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The ‘Anyone but Bibi’ War Is Destroying Israel's Left

Noa Landau
Noa Landau
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Opposition leader Benjamin Netanyahu in the Knesset in February.
Opposition leader Benjamin Netanyahu in the Knesset in February.Credit: Tomer Appelbaum
Noa Landau
Noa Landau

With or without Meretz lawmaker Ghaida Rinawie Zoabi in the coalition, elections remain in the air, and once again, the left is stuck with the refrain “anyone but Bibi.” Because every sentence in left-speak currently ends with some Bibi-ist (as diehard fans of Benjamin Netanyahu are known), and the result is that conversation about actual policy has been shut down.

The response to both Zoabi’s announcement that she was leaving the governing coalition and her criticism of the government’s actions made this situation crystal clear: The vast majority of voters on the Jewish left – that is, Meretz voters – prefer the integrity of a government that keeps Netanyahu out of power to any other consideration. Or at least, they think that from a pragmatic standpoint, the alternative is worse.

When you consider passage of the Citizenship Law, the legalization of settlement outposts, construction in the settlements, settler violence, the Judaization of the Negev, the creeping annexation of Area C of the West Bank and the government’s conduct with regard to the killing of Palestinian journalist Shireen Abu Akleh, then with all due respect to the right’s crisis over chametz in the hospitals on Pesach, it’s clear that the people who agreed to swallow the vast majority of the frogs in this government were the left’s lawmakers and voters.

Throughout the Bennett government’s tenure, the Israeli ship has continued to steer comfortably to the right on all the important issues. The only difference is that this time, the left is on the bridge. This includes, of course, the diplomatic freeze with the Palestinians, the opposition to a nuclear deal with Iran, and issues of religion and state.

Ousting Netanyahu, and to some extent keeping his far-right partners out of government (“anyone but Itamar Ben-Gvir,” “anyone but Bezalel Smotrich”), has become the left’s be-all and end-all, one that justifies almost any compromise. In other words, to keep Netanyahu out of power there’s no choice but to give up on all the left’s principles. And thus, with their voters’ encouragement, Meretz ministers have been primarily engaged in branding themselves as statesmanlike technocrats.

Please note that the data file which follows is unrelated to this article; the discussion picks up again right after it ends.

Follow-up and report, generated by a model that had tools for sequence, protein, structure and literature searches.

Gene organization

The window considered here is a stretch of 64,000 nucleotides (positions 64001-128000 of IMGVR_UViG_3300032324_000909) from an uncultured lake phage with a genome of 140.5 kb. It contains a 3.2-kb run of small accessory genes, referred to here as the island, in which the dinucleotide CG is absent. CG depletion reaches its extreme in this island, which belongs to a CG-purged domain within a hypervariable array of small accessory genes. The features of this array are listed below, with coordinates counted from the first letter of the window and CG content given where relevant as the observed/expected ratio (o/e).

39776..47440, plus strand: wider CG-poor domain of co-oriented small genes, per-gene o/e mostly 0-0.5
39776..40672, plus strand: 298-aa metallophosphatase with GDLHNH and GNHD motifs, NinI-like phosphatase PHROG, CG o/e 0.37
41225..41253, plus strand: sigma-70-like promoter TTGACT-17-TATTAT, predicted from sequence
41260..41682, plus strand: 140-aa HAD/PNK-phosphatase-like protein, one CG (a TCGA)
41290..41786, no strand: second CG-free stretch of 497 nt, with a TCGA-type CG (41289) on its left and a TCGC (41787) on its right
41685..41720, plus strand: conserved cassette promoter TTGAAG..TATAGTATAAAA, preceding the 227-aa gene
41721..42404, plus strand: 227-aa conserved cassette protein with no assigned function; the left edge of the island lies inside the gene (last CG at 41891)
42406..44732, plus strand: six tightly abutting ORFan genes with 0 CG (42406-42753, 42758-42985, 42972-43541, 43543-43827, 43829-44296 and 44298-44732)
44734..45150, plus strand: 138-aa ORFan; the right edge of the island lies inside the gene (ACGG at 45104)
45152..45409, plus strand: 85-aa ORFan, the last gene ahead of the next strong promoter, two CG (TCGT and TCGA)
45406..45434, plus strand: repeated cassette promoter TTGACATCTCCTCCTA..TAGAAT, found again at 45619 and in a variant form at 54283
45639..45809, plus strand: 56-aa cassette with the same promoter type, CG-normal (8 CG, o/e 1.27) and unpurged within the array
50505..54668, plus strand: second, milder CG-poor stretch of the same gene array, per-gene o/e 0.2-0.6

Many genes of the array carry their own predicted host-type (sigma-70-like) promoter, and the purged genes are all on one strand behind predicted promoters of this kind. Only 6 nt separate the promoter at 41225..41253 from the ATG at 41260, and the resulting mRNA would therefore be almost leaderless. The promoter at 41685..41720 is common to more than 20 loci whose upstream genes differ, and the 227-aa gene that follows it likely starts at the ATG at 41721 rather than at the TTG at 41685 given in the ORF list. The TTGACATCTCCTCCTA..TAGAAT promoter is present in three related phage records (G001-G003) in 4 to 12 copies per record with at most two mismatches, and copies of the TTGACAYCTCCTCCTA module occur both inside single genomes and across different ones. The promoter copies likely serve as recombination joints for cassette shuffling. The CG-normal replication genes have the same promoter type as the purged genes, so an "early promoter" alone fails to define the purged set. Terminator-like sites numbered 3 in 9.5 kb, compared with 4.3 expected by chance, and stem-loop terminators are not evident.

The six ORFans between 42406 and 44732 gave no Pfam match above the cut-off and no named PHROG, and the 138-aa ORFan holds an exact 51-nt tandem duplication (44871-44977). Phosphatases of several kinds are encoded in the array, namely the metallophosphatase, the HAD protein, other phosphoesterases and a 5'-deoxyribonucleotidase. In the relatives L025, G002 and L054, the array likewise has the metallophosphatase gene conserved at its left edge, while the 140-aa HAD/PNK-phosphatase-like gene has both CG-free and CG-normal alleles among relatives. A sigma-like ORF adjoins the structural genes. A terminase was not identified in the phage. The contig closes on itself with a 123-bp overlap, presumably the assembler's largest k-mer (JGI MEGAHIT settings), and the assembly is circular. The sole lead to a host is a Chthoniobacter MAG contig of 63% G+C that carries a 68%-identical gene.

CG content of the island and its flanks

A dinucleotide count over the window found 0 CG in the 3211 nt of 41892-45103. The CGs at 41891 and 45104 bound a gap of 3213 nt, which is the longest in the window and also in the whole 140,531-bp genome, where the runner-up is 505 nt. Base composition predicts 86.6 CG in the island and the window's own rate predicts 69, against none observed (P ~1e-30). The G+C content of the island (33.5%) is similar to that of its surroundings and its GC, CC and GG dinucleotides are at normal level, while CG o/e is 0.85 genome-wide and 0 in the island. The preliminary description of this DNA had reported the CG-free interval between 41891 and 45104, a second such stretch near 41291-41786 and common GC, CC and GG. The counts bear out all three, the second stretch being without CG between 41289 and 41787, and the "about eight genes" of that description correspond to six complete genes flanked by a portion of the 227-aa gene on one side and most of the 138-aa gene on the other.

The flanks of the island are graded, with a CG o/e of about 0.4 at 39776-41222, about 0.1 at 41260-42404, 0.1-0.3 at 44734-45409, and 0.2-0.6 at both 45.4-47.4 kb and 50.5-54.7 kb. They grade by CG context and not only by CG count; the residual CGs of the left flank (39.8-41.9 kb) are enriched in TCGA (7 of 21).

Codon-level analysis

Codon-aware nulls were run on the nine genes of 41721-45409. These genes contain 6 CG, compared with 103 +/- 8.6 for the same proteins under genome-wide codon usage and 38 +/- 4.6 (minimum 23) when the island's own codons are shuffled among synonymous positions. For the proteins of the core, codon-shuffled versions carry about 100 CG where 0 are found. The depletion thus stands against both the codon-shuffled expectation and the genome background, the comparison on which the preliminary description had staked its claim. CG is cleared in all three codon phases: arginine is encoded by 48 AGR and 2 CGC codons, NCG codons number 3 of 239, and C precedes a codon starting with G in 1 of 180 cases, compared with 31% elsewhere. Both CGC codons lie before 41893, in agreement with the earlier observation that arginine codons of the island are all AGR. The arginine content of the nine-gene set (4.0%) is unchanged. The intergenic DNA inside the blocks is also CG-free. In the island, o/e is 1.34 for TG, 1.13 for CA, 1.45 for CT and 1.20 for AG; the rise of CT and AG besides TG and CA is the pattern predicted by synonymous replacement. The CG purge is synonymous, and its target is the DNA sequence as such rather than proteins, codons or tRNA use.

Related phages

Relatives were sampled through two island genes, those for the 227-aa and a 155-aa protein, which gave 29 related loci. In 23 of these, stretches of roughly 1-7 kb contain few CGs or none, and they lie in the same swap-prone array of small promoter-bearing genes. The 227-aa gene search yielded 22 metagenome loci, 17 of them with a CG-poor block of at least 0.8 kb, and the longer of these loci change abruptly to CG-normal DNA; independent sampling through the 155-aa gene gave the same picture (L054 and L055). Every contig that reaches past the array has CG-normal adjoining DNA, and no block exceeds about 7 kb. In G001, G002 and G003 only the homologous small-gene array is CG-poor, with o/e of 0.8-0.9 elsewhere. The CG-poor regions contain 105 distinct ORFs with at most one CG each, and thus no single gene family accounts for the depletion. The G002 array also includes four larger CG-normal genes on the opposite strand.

Someone holds a sign that reads "Bibi no way go away," in Jerusalem, 2020.Credit: Ohad Zwigenberg

To see this, it’s enough to browse through, for instance, Environmental Protection Minister Tamar Zandberg’s Twitter account for the last few stormy weeks. Was there anything about the desecration of Abu Akleh’s funeral? Or even a brief word about the expulsion of Palestinians from Masefer Yatta? No and no.

Instead, it was all about climate change, veganism and parental leave for fathers, mixed with a dash of Israeli flags. Even her arguments against the Judaization of the Negev were environmental. It could just as easily have been the Twitter account of rightist politician and nature lover Yoaz Hendel.

Ultimately, we have to admit that in the moral scales of most voters on the Jewish left, this isn’t just a story about pragmatic considerations of the “lesser of two evils” type. There’s also a preference for a right whose behavior is more “statesmanlike” (“not corrupt,” “not divisive”), even if its policy is identical; there’s a degree of pleasure in taking part in the decision-making following a long period in exile (“coronavirus policy has improved”); there’s a desire to renormalize the left in Israel’s public and national arena (“look, we’re at the national ceremonies on Mount Herzl”); and there’s also an attempt to “buy time” in a strongly right-wing country.

That final argument is nontrivial even with regard to the Palestinians, since ultimately, there are human beings here whose situation could be even worse. But at the same time, it’s worth paying attention to the deeper, long-term implications. The left hasn’t put any real pressure on its partners over any of its ostensibly core issues; even United Arab List Chairman Mansour Abbas, with fewer Knesset members, has done more. And above all, the struggle against the occupation has been neglected.

A situation has thus been created in which right-wing values dominate both the coalition and the opposition. Criticism from the left is frequently silenced in the name of “anyone but Bibi.” It has been pushed to the margins of the political conversation and is voiced mainly by the Arab parties’ Joint List.

The left is normalizing its people, not its positions. The view that the occupation is an inseparable part of the Israeli reality, regardless of who is in power, has been bolstered.

And what about Ben-Gvir? Actually, he’s also been bolstered, because to keep him out of power, the left has largely fallen silent.

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